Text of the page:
Cell division is the major reason for plant growth. Depending on where these cell divisions take place and the direction of growth, we can classify plant growth into primary and secondary growth.
When trying to understand the difference between primary and secondary growth, it is important to consider determinate and indeterminate growth.
Determinate growth stops when the elements of the plant reach a particular size, while indeterminate growth occurs continuously throughout the lifetime of the plant.
Most plants are associated with intermediate growth because a typical plant will keep growing by experiencing either primary growth or secondary growth.
While there are many differences between primary vs secondary growth, the major difference is that primary growth initiates an increase in the length of the plant. On the other hand, secondary growth increases thickness.
What Is Primary Growth?
Almost all plants except for hibiscus plants go through primary growth. Primary growth is the increase in the length of the stem and root. It occurs as a result of cell division that occurs in the apical meristem.
So what does this mean?
The apical meristem means that this growth occurs at the apices of shoots and roots. After cell division occurs, the resulting cells are elongated and cell differentiation sets in. Differentiation is when cell changes to their specialized type.
These cells are differentiated into the protoderm, ground meristem, and procambium which produce epidermis, ground tissue, and vascular bundles respectively.
There is an important phenomenon in primary growth that is of importance to every gardener. It is known as apical dominance. It makes the main, central stem of the plant dominant over other sides of the stem. So the main stem grows at the expense of other parts.
Cutting off of the apical meristem of a plant gives a bushy shape to the plant. This knowledge is used by gardeners to make their plants bushy by pruning.
Primary growth occurs in the stem of the plant, so also, the root experiences growth in the same manner. Primary growth in the root takes place in the root apical meristem.
The growth of the stem helps the plant absorb sunlight efficiently. The depth of the root allows the plant to absorb water efficiently.
What Is Secondary Growth?
A plant cannot just keep growing in length without experiencing the thickness of the stem. Secondary growth helps the plant gain stamina and support for the height.
Secondary growth is the increase in the thickness of the shoot and root.
While all plant experiences primary growth, not all experience secondary growth. For example, herbaceous plants and palm plants only experience primary growth.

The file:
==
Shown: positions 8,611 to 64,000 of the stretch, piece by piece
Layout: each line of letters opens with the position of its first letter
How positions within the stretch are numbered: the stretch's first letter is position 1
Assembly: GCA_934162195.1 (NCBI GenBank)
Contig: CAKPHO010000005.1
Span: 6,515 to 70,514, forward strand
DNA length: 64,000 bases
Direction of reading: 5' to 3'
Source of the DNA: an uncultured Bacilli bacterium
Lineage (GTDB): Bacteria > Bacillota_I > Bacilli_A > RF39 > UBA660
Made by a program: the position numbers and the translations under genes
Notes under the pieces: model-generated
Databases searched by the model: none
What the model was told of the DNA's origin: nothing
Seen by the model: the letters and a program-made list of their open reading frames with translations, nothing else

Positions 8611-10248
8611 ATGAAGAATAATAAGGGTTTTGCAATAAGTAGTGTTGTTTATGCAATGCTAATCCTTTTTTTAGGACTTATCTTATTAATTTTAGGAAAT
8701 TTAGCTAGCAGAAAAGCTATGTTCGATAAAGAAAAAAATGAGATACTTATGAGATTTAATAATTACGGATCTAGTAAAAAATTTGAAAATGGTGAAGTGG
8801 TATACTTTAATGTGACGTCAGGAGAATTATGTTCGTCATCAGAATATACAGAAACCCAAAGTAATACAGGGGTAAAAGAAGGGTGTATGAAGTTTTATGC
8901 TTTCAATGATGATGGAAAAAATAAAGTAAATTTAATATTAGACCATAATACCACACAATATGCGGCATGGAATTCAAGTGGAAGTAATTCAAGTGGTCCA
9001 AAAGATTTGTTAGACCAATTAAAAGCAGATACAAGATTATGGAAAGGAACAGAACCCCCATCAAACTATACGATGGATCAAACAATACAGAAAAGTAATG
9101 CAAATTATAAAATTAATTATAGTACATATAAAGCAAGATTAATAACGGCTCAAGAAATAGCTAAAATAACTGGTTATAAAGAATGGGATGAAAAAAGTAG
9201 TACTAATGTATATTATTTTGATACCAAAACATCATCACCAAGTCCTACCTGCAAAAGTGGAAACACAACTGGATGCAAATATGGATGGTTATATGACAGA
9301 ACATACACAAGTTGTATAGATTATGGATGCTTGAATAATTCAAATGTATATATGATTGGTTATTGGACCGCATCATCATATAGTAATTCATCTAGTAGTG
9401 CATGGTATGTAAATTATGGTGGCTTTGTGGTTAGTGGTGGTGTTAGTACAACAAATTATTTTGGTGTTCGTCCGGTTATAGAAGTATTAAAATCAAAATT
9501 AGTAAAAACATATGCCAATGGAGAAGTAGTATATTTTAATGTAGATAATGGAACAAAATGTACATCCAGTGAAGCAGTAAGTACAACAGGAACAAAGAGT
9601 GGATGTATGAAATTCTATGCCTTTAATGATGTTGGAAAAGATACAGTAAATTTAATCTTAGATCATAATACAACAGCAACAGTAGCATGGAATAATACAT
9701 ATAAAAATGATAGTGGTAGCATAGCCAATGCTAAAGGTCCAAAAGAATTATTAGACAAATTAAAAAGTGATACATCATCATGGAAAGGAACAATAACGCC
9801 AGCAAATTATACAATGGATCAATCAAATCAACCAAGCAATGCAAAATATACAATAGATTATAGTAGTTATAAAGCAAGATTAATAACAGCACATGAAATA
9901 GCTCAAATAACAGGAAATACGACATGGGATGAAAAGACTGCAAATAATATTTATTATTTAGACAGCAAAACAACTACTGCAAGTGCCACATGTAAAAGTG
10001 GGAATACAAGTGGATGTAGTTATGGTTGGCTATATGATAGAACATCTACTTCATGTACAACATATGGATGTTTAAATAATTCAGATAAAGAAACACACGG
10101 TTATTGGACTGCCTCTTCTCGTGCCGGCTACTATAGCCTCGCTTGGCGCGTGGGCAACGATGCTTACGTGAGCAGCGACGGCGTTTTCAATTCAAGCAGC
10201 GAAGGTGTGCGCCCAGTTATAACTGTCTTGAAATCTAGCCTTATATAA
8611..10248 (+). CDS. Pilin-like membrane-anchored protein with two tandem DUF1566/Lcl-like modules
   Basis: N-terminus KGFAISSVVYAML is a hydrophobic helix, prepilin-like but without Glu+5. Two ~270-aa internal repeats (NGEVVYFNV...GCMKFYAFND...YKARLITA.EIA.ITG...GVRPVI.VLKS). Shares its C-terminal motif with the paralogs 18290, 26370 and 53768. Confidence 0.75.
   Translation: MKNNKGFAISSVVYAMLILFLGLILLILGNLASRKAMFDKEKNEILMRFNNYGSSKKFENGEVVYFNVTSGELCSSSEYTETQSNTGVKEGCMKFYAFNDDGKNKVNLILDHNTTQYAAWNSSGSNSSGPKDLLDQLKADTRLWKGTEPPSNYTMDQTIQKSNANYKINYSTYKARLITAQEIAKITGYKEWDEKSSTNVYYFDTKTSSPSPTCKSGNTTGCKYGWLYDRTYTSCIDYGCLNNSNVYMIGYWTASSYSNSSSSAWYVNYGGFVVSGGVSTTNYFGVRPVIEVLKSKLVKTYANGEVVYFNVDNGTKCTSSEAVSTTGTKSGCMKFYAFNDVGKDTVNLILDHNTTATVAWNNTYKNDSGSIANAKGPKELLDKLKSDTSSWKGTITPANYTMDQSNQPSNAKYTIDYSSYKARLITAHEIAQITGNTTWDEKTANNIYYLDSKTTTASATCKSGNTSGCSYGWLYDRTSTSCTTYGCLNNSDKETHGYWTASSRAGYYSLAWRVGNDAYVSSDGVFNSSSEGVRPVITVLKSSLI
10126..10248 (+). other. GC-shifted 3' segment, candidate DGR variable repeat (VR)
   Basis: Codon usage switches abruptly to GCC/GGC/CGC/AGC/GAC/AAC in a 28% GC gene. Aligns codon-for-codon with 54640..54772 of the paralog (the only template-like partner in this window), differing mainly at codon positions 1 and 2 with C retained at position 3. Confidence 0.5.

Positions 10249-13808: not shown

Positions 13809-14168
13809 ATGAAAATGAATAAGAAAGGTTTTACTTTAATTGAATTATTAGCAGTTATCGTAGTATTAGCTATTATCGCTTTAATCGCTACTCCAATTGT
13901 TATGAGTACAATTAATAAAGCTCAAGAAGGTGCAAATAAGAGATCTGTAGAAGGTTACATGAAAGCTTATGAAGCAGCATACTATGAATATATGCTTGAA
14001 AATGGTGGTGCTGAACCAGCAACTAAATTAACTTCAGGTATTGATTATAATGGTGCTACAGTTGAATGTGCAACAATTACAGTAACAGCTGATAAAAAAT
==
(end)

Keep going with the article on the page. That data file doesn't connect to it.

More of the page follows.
The thickness of the palm is due to the failure of the branches to fall off the stem when it shed its leaves. Accumulation of the base of these branches is what results in the thickness of the palm stem.
Herbaceous plants stop growing when their primary tissue matures.
Secondary growth occurs due to activities of the lateral meristem.
the cork cambium and vascular cambium are the two meristems associated with a lateral meristem that gives rise to secondary growth. As long as cell division continues to take place, the stem or root will continue to grow in diameter.
In woody plants, this process results in the formation of wood and shaping the plant into a tree with a thickened trunk.
Differences Between Primary And Secondary Growth
Tabulating some of the major differences in a tabular form will help you understand better:
Cell division takes place in the apical meristem
Cell division occurs in the lateral meristem
Growth leads to an increase in the height of the plant’s stem and root
Growth leads to the radial growth of the stem and root
Primary growth occurs at the beginning of the plant’s growth
Secondary growth occurs after primary growth
Occurs in all parts of the plant
Occurs at the Angiosperm and gymnosperm
Primary xylem is formed by the primary growth of the procambium
Secondary xylem is formed by the secondary growth of the vascular cambium
During primary growth, the primary vascular tissues, epidermis, cortex are developed
During secondary growth, the bark, periderm, lenticels, secondary phloem, and xylem develops
As a gardener, it is important to understand the different types of growth in plants and also be able to differentiate them even if you do not have a full understanding of the biological events.
At every stage of your plant growth, you know exactly what is happening and what you should do to make your plant healthy.
There are also different stages of plant growth, and each stage requires special nutritional requirements for the plant to thrive. All these bits of knowledge are important for an average gardener.
In summary, the major physical difference between primary and secondary growth in plants is the direction of growth.